where $x$ is vector of $\epsilon$ in (7) $x=\left(x_0,x_1\ldots x_N\right)^T$ $N$ is length of vector and $X$ is signal $X=\left(X_0,X_1\ldots X_N\right)^T$ and $F_N$ is Discrete Fourier Matrix. As shown (9), (10) time series data which cyclic can be decomposed to orthogonal signal by Discrete Fourier Transform as linear transformation. However, in practice, DFT calculation $O(N^2)$ are replaced by Fast Fourier Transform (Cooley-Tukey algorithm, 1965) which is that performs fast calculations by dividing the DFT into odd and even two terms. $O\left({Nlog}_\ N\right)$ (11). Figure 3 shows that two high amplitude signals were extracted by performing FFT on Residual in (7).

\begin{equation} \label{eq:n-log-n}

\begin{split}

X\left[ k \right] & = \sum_{n=0}^{N-1} x_n \ exp \left( -j \frac{2 \pi k}{N} n \right) \\

& = \sum_{m=0}^{N/2-1}x_{2m}\exp{\left(-j\frac{2\pi k}{N}2m\right)}+\ \sum_{m=0}^{N/2-1}x_{2m+1}\exp{\left(-j\frac{2\pi k}{N}2m+1\right)} \\

& = \sum_{m=0}^{N/2-1}x_{2m}\exp{\left(-j\frac{2\pi k}{N\ /\ 2}\ m\ \right)}+\exp{\left(-j\frac{2\pi k}{N}\ \right)}\sum_{m=0}^{N/2-1}x_{2m+1}\exp{\left(-j\frac{2\pi k}{N/2}m\right)}

\end{split}

\end{equation}

where $x_{2m}=(x_0,x_1\ldots\ x_{n-2})$ is even-indexed part, $x_{2m+1}=(x_1,x_3,\ldots,x_{n-1})$ is odd-indexed part.

**3.3.2.2. Regression analysis**

\begin{equation} \label{eq:stage-2}

Y_t=\beta_0+\beta_1Mkt_t+\beta_2SI{G1}_t+\mu_t

\end{equation}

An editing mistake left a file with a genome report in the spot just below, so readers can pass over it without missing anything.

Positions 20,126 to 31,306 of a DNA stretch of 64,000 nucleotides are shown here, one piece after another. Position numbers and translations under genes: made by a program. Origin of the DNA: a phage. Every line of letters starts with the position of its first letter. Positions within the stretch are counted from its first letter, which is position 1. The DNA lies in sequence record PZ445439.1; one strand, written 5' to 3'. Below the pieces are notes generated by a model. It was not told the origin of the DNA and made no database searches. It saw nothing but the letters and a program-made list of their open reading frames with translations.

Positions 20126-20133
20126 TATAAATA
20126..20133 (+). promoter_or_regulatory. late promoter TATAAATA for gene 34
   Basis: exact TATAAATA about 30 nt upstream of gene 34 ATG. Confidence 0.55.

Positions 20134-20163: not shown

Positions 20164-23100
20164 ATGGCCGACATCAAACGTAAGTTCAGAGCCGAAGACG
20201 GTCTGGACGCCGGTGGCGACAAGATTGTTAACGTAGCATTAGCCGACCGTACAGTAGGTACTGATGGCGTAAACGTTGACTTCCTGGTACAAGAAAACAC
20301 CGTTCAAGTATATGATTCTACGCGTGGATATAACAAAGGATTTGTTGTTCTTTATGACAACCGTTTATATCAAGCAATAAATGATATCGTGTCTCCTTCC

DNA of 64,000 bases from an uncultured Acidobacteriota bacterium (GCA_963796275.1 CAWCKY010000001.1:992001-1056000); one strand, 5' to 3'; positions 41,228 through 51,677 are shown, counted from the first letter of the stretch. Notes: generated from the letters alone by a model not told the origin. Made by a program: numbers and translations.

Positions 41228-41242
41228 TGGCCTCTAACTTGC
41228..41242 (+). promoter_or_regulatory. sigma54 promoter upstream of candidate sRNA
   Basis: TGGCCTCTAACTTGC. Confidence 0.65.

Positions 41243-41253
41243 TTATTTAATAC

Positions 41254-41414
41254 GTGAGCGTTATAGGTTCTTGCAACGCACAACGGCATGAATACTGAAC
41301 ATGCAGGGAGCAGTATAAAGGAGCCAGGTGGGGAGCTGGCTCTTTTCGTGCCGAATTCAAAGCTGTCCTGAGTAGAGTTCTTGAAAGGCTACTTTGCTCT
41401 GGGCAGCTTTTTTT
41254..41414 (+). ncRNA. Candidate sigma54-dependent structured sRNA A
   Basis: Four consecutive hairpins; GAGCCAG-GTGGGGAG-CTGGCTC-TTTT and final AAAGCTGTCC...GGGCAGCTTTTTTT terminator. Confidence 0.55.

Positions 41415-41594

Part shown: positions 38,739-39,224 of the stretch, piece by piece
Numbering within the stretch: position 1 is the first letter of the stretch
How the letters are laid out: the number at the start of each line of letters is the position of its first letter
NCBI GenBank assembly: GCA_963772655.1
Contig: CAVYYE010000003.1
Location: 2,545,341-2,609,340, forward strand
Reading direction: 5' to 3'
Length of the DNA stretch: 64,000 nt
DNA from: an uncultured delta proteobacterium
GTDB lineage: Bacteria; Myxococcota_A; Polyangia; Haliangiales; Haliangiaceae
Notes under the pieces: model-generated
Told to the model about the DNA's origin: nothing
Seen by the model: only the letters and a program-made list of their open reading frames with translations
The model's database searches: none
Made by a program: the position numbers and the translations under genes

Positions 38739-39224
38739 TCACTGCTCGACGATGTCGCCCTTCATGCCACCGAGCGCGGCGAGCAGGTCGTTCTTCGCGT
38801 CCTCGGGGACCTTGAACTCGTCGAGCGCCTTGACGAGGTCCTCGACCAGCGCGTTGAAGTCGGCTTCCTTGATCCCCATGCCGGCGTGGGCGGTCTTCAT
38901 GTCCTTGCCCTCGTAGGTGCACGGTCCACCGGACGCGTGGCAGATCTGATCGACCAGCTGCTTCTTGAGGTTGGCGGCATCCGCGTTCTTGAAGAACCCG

\begin{equation} \label{eq:stage-3}

Y_t=\beta_0+\beta_1Mkt_t+\beta_2SI{G1}_t+\beta_3\widehat{SIG2_t}+\omega_t

\end{equation}

\begin{equation} \label{eq:signal-2}

\widehat{Sig2_t}=\sigma\left(Sig2_t\right) , \ \sigma=\frac{1}{1+e^{-\left(x\right)}} , \ >\ 0.5\ =\ 1\ \ ,\ <0.5=\ 0

\end{equation}

where $SIG1$ is highest amplitude signal in residual in $\epsilon_t$ (7) and $SIG2$ is highest apmplitude signal residual in $\mu_t$ (12)

Table 2 shows the results of using the extracted signals as a variable of regression by performing FFT in 4.3.2.1. $SIG2$ is a component of EoP, and to distinguish price premium effects clearly, it is transformed into categorical data(0/1) through Sigmoid function as shown in (14). The Difference result in Table 2 show that the parameter has hardly changed, demonstrating that the two signals found are almost orthogonal components, and do not make omitted variable bias(Wooldridge, 2009). and the adj. R-squared supports the order of explanatory power assumed in (5). Lastly, the residual ACF/PACF plot in Figure 4 indicates that no further patterns exist in the residuals following the exclusion of the three components. (13) This supports the assumption outlined in 3.1 (5) that the auction sale rate is composed of three main components.

**3.3.3. Proof of the effect of appraisal price**

Based on Table 2 and according to the assumption of (5), $SIG1$ is EoA (Effect of Appraisal Price in Auction Sale Rate). The court appraisal time is in the past rather than the Auctioned time (1). The difference between the two points makes it difficult to define the court appraiser effect variable in terms of time series analysis. Since correcting the price difference that occurred in time for all auction cases is a very difficult challenge, the Fourier transform (4.3.2.1) is used. In this paper. Proving that $SIG1$ is EoA, 2,762 individual auction cases occurred between 2016.04 and 2018.03 in Seoul and Busan are empirically analyzed (Table 3, Table 4.)

The analysis is conducted in two main aspects:

- Time interval between the time of court appraisal and the time of Auctioned (Table 4)
- Regression with the general market price at the time of court appraisal price (Table 4)

\begin{equation} \label{eq:cp}

CP_t=\ \alpha_0dummy_t+\alpha_1MP_t+\gamma_t

\end{equation}

where $CP_t$ is price at time of court appraisal (Figure 5), MP is housing price, $\alpha_0$ is dummy variable $\alpha_1$is parameter of housing price.